In addition, the National Association of Realtors reported that home prices have begun to firm--another sign that demand is picking up. The average price of an existing home stood at $128,400 in April, up by 8.9% from 12 months ago. At the end of 1990, prices were falling below their levels of a year earlier. Even so, a full recovery in homebuilding will depend on a sustained increase in sales to clear out the huge inventory of unsold homes.


In traditional business-cycle fashion, the consumer-led slump in the overall economy has preceded the downturn in capital spending. So far, the weakness in investment in new plants and equipment has been mild compared with past recessions, but that might be changing.

The unrelenting stream of disappointing reports on corporate profits, the still-high cost of borrowing, the continuing decline in the utilization rate of capacity already in place, and uncertainty over the timing of the recovery all appear to be causing many businesses to rethink their spending plans.

Despite a 2.9% increase in overall orders coming into durable-goods manufacturers in April, which was the first increase in four months, private-sector bookings for capital goods, excluding the military, plunged by 10.3%. Although the month's drop reflected a big decline in the volatile aircraft industry, capital-goods orders have fallen in five of the past six months. Smoothing out the monthly ups and downs, the three-month average is headed due south (chart).

The April report from makers of machine tools, which are used to make other capital goods and are thus a leading indicator of equipment spending, offers little encouragement. Orders slipped 5.3% from their March level, to $194.7 million, according to the Association for Manufacturing Technology. April orders hit a 14-month low, and they were 33% below last year's pace.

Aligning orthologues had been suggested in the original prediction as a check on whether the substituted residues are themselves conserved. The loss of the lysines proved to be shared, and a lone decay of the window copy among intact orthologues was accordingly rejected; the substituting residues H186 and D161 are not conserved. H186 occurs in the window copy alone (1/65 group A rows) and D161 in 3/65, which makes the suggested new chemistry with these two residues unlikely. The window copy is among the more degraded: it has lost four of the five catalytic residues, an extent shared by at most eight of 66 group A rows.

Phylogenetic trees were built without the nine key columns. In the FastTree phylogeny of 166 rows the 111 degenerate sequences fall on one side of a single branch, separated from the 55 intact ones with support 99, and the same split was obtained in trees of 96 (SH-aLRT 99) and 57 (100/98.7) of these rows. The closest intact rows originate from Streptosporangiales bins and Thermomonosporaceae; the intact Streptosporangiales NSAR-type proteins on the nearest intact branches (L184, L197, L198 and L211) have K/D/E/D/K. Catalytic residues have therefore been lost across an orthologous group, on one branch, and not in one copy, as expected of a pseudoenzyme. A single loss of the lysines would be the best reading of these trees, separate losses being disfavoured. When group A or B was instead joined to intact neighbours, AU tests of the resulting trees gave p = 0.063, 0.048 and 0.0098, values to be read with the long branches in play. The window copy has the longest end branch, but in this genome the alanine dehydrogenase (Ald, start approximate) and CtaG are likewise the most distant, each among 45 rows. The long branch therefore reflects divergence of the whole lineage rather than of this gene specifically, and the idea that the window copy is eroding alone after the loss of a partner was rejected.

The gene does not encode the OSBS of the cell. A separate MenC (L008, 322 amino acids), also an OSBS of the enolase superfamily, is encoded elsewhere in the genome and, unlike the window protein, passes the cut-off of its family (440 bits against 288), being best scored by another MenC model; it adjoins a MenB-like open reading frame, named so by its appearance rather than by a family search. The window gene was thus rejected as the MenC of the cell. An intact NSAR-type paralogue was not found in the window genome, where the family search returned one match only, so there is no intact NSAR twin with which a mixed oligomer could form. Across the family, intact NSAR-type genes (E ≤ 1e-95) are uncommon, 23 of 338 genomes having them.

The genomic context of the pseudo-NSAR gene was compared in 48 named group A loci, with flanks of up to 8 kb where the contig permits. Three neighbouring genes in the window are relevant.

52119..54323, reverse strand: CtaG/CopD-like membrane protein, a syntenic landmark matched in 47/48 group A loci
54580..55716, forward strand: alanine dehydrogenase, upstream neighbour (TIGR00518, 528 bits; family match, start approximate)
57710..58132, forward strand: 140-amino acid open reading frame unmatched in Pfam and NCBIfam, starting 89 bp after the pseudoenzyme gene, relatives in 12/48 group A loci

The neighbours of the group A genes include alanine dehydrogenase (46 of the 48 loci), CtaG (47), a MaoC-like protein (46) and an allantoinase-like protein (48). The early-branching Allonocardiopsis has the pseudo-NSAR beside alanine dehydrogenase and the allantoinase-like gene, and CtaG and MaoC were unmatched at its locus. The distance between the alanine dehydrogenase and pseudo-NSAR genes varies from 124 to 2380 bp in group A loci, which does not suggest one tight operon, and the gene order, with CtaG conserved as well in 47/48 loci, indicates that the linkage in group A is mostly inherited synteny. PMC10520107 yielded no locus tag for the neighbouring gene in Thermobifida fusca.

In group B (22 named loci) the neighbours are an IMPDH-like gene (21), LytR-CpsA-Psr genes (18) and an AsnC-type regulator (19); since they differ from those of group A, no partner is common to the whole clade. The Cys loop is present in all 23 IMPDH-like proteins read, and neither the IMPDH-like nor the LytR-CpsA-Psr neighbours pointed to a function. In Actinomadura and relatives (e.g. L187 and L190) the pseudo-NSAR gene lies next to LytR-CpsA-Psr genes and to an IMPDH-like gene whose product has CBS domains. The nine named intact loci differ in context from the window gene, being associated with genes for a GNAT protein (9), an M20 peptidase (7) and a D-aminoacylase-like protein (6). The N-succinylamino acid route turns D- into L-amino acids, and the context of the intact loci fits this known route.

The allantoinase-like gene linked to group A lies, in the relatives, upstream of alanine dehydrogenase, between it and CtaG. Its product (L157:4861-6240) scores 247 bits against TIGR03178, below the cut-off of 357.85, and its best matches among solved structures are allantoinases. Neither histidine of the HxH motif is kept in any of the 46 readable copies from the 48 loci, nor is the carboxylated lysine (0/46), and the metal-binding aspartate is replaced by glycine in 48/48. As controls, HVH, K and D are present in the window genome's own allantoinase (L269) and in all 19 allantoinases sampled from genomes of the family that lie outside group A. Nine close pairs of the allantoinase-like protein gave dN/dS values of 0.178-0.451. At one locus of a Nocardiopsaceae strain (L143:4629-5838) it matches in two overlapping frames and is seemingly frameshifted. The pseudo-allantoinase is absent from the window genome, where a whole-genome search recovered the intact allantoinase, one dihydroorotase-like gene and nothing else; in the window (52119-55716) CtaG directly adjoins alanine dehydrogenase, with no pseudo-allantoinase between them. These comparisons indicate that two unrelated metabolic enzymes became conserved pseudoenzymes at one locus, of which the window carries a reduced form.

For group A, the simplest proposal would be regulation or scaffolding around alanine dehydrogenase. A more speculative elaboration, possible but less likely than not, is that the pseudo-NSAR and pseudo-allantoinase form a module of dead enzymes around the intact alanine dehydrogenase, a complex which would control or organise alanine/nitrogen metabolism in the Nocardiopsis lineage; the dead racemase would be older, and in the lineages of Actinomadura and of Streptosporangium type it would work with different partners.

Until the first quarter, the weakness in capital spending had been concentrated in business structures, where past overbuilding will continue to take a toll for some time. But in the first quarter, outlays for equipment also fell sharply, and they are on track to post another drop in the second quarter. April shipments of nondefense capital goods edged up, but they remained below the first-quarter average.

As in most past downswings in the business cycle, weak demand--particularly among consumers--is the bane of the economy. The structural problems are important, but they are more likely to weigh on the strength of the recovery than on the depth and duration of the recession.

When demand strengthens, largely in response to the Fed's easing of monetary policy, the economy will turn up. Right now, judging when the recovery will begin may well depend more on how similar this recession is to past downturns than on how different it is.